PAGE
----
Counting down the days to Christmas, by gluing a cotton ball on a numbered circle, is not my original idea.
I've seen it many times, in a variety of ways, all over the Internet, so I thought I'd draw a Santa and give this idea a whirl too. Click on the link to view/download the Santa's Countdown.
Make one for your class and take turns having students glue a cotton ball on each day, or run off a copy for each child and set this up as a daily center.
An easy way to set up independent centers, without taking up a lot of room, is to use TV trays. Simply keep all of your students' Santa's in a basket on one of the trays and a bottle of glue and a container of cotton balls on another.
If you'd like an alternative to Santa, I also designed a Countdown to Christmas Wreath.
So that you can reinforce the fact that December has 31 days, both the Santa and wreath have numbers to 31.
Have students circle the 25th with a red or green crayon so they can readily see that special day.
Students can opt for a paper-heart "bow" or a real ribbon one. For the added "awww-dorable" factor, have children glue a photo in the center.
To countdown days, students press their thumb onto a red stamp pad and place it on the appropriate day. Click on the link to view/download the Countdown Wreath.
If you're looking for some other keepsake wreath activities, finger painting one was a Y5's favorite.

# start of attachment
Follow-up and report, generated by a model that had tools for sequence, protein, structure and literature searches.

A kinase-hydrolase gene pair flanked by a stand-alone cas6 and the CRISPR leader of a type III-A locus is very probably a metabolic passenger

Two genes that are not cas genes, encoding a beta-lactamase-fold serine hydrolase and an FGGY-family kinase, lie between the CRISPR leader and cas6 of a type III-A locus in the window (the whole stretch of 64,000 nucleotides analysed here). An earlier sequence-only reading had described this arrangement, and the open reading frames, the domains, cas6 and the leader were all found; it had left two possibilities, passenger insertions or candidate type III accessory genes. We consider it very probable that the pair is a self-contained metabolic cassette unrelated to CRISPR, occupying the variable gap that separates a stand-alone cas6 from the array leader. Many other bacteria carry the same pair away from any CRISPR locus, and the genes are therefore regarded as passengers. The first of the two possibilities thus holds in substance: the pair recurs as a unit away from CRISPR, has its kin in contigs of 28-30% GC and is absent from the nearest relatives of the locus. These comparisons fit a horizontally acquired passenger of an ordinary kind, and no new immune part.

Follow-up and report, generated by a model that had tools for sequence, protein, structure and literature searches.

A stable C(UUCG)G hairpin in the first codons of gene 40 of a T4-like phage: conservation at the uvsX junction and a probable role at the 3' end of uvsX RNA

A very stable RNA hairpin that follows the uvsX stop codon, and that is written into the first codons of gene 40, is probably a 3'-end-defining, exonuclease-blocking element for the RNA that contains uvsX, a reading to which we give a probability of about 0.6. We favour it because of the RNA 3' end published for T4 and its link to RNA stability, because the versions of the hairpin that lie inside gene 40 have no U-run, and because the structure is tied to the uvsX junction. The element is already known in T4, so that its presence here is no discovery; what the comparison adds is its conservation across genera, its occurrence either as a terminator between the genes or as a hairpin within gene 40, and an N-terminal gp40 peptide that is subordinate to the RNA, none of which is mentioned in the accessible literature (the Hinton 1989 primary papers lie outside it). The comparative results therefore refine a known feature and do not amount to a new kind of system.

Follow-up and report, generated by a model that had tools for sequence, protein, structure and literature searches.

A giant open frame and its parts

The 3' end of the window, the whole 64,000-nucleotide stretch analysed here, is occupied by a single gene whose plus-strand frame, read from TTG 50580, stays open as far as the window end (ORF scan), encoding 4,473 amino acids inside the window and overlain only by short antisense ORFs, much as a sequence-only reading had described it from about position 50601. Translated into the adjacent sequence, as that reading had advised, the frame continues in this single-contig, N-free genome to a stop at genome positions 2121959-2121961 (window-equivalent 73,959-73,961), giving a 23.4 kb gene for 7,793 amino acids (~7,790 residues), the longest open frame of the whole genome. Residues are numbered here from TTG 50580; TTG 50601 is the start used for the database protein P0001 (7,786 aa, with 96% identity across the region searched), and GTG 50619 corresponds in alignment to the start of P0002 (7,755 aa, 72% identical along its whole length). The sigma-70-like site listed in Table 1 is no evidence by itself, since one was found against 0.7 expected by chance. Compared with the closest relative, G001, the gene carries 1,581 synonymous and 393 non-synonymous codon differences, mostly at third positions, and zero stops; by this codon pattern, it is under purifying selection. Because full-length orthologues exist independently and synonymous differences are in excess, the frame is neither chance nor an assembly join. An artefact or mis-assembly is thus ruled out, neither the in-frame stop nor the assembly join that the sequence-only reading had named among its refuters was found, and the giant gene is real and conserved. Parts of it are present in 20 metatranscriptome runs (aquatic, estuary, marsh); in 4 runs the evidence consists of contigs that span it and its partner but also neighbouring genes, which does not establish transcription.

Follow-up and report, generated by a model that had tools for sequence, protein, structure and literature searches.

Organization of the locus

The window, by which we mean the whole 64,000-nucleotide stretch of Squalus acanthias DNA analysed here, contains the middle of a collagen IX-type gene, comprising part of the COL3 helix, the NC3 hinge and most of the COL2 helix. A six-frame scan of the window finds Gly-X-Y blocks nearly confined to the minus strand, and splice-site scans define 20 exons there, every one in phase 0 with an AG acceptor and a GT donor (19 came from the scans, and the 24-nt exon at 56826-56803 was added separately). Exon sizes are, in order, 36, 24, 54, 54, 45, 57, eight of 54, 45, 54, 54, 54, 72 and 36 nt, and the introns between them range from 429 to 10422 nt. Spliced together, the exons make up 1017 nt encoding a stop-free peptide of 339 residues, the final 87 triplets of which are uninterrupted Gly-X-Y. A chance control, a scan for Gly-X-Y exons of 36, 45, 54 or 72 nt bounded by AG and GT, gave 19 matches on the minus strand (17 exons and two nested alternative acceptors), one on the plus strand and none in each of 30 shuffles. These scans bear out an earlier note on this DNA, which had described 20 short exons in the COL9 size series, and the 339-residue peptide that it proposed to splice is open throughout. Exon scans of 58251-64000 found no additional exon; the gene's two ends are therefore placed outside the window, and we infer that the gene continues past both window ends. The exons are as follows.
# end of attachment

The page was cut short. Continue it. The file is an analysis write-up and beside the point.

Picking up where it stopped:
Because learning colors was one of our standards, I'd often have students mix 2 primary ones to make a secondary color.
This also was a teachable moment for reviewing equations: Yellow + Blue = Green. A "magical" way to do this, is by fingerpainting.
Put a dollop of yellow and a much smaller dot of blue on their tag board wreath cut out. Children swirl and mix 'til they have a pretty shade of green.
My kiddo's often squealed in delight: "Mrs. H. come quick! Come see! My paint is green!" Their joy was worth the bit of mess.
Set aside to dry. Later, students add finger print holly berries and glue the poem in the middle: "I made this pretty wreath for you. I made it mixing yellow and blue. Yellow + blue as you have seen, makes a lovely Christmas green. The red berries--I'll give you a hint, are made from someone's finger print. This wreath is a circle it has no end. It's like my love, that I now send." Click on the link to view/download the Fingerpainted Wreath Craftivity.